net.degreedays.api.data
Class TimeSeriesCalculation

java.lang.Object
  extended by net.degreedays.api.data.TimeSeriesCalculation
Direct Known Subclasses:
TemperatureTimeSeriesCalculation

public abstract class TimeSeriesCalculation
extends java.lang.Object

Defines how time-series data should be calculated e.g. temperature data, with hourly figures, in Celsius.

To create a TimeSeriesCalculation object you can use the static factory methods of this class. For example:

 TimeSeriesCalculation hourlyTempsCalculation = 
     TimeSeriesCalculation.hourlyTemperature(TemperatureUnit.CELSIUS);
 

The docs for TimeSeriesDataSpec have more on how to actually fetch time-series data with your specified TimeSeriesCalculation.

Why is time-series data "calculated"?

You might wonder why time-series data such as hourly temperature data is "calculated" as opposed to just being returned...

The thing is that real-world weather stations hardly ever report exactly on the hour, every hour. Different stations have different reporting frequencies and schedules, they can change over time (e.g. if a station has its equipment upgraded), and gaps in routine reporting are fairly common too. Higher-quality stations do tend to report at least hourly, but it's rarely exactly on the hour, and it's rarely perfectly regular either. We take whatever data the weather stations do report, and use it to calculate (or interpolate) neat, perfectly-regular time-series data (such as hourly temperature data) with all gaps filled with estimated data (which is marked as such so you can easily identify it).

The end result is neat, regular data that is easy to store and easy to work with, but it actually takes a lot of processing to get it into that format. And this is why time-series data from our system is "calculated" as opposed to just being returned.

Since:
1.2
See Also:
TimeSeriesDataSpec

This abstract class is not designed to be extended by third-party code, which is why it does not have an accessible constructor.

All concrete subclasses of this abstract class are immutable. You can safely reuse them and call them from multiple threads at once.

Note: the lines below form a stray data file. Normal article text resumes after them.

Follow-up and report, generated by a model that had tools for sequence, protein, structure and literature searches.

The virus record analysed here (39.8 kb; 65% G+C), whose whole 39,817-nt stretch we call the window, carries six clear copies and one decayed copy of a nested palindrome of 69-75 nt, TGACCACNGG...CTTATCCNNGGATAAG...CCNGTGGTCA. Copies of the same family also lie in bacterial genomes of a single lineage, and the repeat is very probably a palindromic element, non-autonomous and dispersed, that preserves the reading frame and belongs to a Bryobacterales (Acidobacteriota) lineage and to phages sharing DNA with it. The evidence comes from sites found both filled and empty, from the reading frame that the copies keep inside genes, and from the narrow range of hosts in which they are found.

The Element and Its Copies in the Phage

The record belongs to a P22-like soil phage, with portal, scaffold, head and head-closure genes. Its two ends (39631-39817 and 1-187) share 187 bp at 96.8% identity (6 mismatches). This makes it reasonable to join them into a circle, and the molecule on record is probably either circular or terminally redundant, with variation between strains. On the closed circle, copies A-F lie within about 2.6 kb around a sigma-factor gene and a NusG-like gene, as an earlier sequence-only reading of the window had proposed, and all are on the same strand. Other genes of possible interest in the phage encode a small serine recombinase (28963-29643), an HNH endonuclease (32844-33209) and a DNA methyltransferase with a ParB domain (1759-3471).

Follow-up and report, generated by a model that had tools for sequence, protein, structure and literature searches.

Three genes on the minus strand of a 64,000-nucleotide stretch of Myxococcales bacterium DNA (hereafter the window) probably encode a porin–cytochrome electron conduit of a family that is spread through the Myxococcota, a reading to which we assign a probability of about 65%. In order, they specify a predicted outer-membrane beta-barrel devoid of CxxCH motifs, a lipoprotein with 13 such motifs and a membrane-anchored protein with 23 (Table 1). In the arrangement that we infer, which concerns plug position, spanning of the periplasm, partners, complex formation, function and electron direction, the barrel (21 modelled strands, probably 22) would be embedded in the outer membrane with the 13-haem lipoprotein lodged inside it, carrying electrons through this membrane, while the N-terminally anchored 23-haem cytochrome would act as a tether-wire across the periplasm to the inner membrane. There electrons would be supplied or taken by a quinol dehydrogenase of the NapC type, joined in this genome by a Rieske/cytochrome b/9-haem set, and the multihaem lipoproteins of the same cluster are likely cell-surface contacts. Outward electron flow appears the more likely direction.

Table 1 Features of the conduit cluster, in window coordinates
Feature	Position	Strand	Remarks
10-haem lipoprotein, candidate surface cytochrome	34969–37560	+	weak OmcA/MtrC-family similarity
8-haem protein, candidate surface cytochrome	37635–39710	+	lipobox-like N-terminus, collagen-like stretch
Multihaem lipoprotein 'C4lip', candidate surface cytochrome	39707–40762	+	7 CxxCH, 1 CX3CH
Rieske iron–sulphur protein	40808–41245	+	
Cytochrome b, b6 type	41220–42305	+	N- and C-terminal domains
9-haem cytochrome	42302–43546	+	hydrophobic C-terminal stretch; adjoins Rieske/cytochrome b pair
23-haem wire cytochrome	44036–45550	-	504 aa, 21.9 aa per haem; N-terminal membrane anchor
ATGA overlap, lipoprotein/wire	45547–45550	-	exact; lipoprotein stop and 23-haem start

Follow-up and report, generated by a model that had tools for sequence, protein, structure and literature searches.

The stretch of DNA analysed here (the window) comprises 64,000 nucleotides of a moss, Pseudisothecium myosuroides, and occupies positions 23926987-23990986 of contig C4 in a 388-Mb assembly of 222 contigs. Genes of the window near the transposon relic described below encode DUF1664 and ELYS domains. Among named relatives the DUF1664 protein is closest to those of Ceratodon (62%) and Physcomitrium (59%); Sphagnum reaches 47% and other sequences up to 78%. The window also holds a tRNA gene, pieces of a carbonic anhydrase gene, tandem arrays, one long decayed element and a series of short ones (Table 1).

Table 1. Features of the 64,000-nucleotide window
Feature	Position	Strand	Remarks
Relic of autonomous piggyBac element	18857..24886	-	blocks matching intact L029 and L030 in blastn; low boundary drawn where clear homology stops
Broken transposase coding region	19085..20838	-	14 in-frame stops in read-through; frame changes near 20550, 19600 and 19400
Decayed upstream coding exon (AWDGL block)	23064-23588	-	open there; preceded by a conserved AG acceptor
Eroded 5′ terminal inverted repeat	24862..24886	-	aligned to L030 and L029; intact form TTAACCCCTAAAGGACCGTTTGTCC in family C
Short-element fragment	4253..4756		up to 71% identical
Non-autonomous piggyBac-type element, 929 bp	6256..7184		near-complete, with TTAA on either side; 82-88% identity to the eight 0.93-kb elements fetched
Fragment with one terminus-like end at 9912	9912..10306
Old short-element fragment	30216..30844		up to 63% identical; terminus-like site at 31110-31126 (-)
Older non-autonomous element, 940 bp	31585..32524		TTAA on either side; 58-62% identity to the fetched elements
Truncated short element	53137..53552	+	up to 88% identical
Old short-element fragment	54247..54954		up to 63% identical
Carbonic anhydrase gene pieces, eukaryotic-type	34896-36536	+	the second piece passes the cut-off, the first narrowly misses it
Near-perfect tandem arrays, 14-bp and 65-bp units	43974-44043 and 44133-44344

Method Summary
 boolean equals(java.lang.Object o)
          Two TimeSeriesCalculation objects are equal if they have the same class and the same configuration.
 int hashCode()
          Overridden to ensure consistency with equals.
static TemperatureTimeSeriesCalculation hourlyTemperature(TemperatureUnit temperatureUnit)
          Returns a non-null TemperatureTimeSeriesCalculation object with TimeSeriesInterval.HOURLY and the specified TemperatureUnit.
 TimeSeriesInterval interval()
          Returns the non-null TimeSeriesInterval indicating the interval (e.g. hourly) that the time-series data should be calculated with.
 
Methods inherited from class java.lang.Object
getClass, notify, notifyAll, toString, wait, wait, wait
 

Method Detail

interval

public TimeSeriesInterval interval()
Returns the non-null TimeSeriesInterval indicating the interval (e.g. hourly) that the time-series data should be calculated with.


hourlyTemperature

public static TemperatureTimeSeriesCalculation hourlyTemperature(TemperatureUnit temperatureUnit)
Returns a non-null TemperatureTimeSeriesCalculation object with TimeSeriesInterval.HOURLY and the specified TemperatureUnit.

Parameters:
temperatureUnit - specifies whether the data should be calculated in Celsius or Fahrenheit. Cannot be null.
Throws:
java.lang.NullPointerException - if temperatureUnit is null.

equals

public final boolean equals(java.lang.Object o)
Two TimeSeriesCalculation objects are equal if they have the same class and the same configuration.

Overrides:
equals in class java.lang.Object

hashCode

public final int hashCode()
Overridden to ensure consistency with equals.

Overrides:
hashCode in class java.lang.Object


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